Actually like loving it for some reason, then, you know, we go down that steep drop that first like hundred, 200-foot drop, whatever it is going to like 70 or 80 miles an hour. And I put my hands up, I started yelling with Bobby and we're both screaming and yelling, just like dumb things. And for the first time in my life, Jonathan.
I actually enjoyed a rollercoaster. Like I actually fully embrace that moment and loved it. I love the ride. And any other time before that, I would have been throwing up sick and hating it and wouldn't have gone on any other roller coaster. But for the rest of that day, I went on like every roller coaster, four or five times, and just had a blast doing it.
So the moral of the story. It's really just as simple as this, it's just embracing your fears fully, like 100% taking them on and going with them. And then when you do that, you have nothing to fear, but fear itself, as FDR said, and it's a hundred percent true. Anybody can try this for anyone who doesn't like roller coaster, you can try this next time, face your fears, fully, embrace it, scream, put your hands up, yell.
And you're going to notice that the fear actually not only goes away, but you actually enjoy it.
Jonathan Levi: That's really interesting. I mean, it kind of reminded me a little bit of the exercise that Tim Ferriss talks about in 4-Hour Workweek of like, just imagine like what you're afraid of the worst thing.
Okay. I lose my job, then what happens? Okay. I lose my apartment. You just go to what's the worst, the worst, the worst, the worst, the worst. And eventually, you get to like, I'm destitute living under a bridge, you know, begging for coins, right? And then you're like, all right. And then what? Well, I, I guess I'd like, I'd rebuild, I'd save up coins, I'd recycle, you know, I'd figure out away.
And then you're like, Oh, all right. Like that's what I was so worried about. Like having a one-year setback in my life. And ultimately like once you get in deep and like dig around in that reality, it's never as bad as you could possibly imagine. I guess that's sort of what you experienced with the rollercoaster.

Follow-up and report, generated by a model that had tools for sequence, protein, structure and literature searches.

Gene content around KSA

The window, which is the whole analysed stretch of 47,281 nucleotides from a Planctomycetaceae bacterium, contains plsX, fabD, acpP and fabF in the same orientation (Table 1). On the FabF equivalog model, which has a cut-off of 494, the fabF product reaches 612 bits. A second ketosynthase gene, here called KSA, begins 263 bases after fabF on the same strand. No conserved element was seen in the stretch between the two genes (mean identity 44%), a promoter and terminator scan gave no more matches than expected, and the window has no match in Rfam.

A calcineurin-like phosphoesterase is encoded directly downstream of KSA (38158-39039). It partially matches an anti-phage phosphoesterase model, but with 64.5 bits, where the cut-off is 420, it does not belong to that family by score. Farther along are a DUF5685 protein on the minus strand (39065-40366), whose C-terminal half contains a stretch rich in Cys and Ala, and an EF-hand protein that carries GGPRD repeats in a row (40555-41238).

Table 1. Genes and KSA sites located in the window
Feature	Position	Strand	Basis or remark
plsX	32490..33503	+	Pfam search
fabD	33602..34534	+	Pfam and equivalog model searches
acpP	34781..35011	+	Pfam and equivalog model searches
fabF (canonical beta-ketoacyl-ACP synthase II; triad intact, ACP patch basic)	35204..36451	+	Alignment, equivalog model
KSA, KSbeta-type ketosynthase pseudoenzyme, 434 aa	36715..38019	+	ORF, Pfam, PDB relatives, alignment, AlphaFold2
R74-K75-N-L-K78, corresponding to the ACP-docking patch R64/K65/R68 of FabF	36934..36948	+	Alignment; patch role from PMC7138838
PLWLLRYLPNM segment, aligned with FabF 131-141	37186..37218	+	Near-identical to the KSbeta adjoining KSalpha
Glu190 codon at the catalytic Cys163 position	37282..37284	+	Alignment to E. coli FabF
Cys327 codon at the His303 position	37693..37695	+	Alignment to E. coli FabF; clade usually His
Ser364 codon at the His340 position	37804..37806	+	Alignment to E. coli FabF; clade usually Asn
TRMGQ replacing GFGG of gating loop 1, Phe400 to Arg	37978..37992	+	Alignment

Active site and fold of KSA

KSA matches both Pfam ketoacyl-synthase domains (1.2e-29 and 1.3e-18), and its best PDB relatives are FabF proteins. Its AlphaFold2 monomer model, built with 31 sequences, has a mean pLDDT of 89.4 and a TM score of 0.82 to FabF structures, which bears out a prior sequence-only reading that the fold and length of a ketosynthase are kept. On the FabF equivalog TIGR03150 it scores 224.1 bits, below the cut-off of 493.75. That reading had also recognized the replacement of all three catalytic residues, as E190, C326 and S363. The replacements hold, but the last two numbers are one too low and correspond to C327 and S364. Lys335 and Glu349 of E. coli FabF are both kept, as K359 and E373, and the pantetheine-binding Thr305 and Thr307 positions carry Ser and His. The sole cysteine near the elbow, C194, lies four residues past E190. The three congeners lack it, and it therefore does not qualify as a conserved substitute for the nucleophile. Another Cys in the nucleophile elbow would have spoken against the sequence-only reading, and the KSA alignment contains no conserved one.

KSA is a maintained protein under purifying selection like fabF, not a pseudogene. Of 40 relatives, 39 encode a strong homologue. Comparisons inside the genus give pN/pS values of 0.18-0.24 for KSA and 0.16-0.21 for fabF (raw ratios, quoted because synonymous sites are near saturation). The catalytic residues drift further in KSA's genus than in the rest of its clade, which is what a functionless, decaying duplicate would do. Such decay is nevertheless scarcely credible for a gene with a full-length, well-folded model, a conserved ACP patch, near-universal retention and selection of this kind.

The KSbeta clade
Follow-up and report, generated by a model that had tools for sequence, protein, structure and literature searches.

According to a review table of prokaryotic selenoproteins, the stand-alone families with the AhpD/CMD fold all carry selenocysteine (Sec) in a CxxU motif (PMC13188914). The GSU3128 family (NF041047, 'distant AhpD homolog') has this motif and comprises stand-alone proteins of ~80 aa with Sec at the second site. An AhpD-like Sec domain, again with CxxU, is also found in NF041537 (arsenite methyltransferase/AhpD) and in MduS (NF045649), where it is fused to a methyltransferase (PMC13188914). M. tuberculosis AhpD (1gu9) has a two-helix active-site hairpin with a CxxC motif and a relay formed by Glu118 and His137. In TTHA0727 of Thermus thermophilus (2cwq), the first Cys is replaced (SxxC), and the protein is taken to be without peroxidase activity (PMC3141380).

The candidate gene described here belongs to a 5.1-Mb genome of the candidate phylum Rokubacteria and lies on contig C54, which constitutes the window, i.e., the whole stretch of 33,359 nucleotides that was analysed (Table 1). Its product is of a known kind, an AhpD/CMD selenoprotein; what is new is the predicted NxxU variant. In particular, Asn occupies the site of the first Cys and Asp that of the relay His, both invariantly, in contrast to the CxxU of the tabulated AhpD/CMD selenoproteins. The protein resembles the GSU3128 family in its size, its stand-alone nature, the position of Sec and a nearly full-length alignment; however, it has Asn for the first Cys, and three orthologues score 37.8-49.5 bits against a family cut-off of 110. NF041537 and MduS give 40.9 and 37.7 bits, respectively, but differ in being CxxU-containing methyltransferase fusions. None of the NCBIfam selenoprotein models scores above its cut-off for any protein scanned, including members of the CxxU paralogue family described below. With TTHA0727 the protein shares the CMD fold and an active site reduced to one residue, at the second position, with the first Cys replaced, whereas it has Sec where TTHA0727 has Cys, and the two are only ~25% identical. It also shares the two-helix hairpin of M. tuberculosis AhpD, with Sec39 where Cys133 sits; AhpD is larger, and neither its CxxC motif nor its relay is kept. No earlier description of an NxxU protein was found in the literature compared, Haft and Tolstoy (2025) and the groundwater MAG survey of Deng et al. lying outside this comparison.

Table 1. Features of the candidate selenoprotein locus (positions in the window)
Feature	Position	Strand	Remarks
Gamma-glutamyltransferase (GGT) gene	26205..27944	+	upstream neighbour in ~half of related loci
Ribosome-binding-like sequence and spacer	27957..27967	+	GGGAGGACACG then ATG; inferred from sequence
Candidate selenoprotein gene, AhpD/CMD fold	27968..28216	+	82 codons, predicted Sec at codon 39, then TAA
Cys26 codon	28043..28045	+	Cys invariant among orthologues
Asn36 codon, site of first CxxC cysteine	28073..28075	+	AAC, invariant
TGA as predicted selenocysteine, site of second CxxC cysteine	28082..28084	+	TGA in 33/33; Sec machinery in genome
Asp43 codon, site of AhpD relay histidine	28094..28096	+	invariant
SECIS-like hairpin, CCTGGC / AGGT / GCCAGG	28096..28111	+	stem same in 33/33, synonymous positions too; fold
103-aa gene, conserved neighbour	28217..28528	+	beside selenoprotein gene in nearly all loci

Justin Stenstrom: Yeah. Yeah. That's a great point. I love Tim Ferris too. So I'm glad you brought that up, but yeah, it's just like, you actually think about what's happening and everyone feels like, you know, what's the funniest thing is, is the scariest part is, is of the fears, not actually the fear itself, like, you know, the kind of the quote says too, but it's actually the sort of the fearing of the fear, like worrying about what's going to happen.
Like what's going to happen. Like you said like Tim said is never as bad as what you actually think it is. Or for instance, for people getting panic attacks, it's never actually the thoughts of what's happening about why you're getting the panic attacks.
It's actually the fear of getting the panic attack itself. That's like scary. And I think if you really kind of get to wrap your brain around. That and kind of understand that it's really not as bad as you think it is. You can then get over it at that point.
Jonathan Levi: I love it. I love it. Its kind of like the bark is always worse than the bite.
Justin Stenstrom: Yeah, exactly.
Jonathan Levi: So, Justin, what is your experience are really kind of the most critical things, holding people back from really becoming their best selves? I mean, of course. We've done something like 90 episodes here. So I've got some opinions, but I'm really curious because you do your own show. You've interviewed some of the top experts as well.
What do you think is holding people back out there?
Justin Stenstrom: I think people are being held back again by the fear of sort of stepping out of the norm of, of stuff. So it goes back to what we just said, as far as like, what's going to happen. Like, you know, what happens if this happens or, you know, 10 steps down the road, they're always projecting themselves into the future and sort of coming up with these false ideas of different fears that can come to reality.
And I think at the end of the day, it holds people back from living the life they want to live. Like for instance, people get stuck in like a 9-5 job that they don't love, but you know, it pays the rent or pays the mortgage or pays, you know, this or that. And it's like, well, I can't quit this job.
I can't go after my passion. It might take two, three years to make money out of that. Or, you know, maybe I'll never make money from that. Or maybe, you know, people will say I'm crazy. Or maybe, you know, people at work will think. You know, I'm, I'm losing my mind and I can't do that. It's like, Oh, it's not for me.
Or it's not really a reality. You know, I read the 4-Hour Workweek, but I don't really think it's, you know, for everybody. Right? So there, they project themselves into the future and they want to stick with the norm of society and what everyone else says or what their friends think is a good idea and not what they think is a good idea.
Well, not what they really want. I think it really holds people back from finding true happiness.
Jonathan Levi: I love that. And, you know, I think in that is something that I always often say as well, which is so many people view life as kind of a prefixed menu. And they don't realize that lifestyle, a card. Like you can take pieces, you can leave pieces, you can leave your job.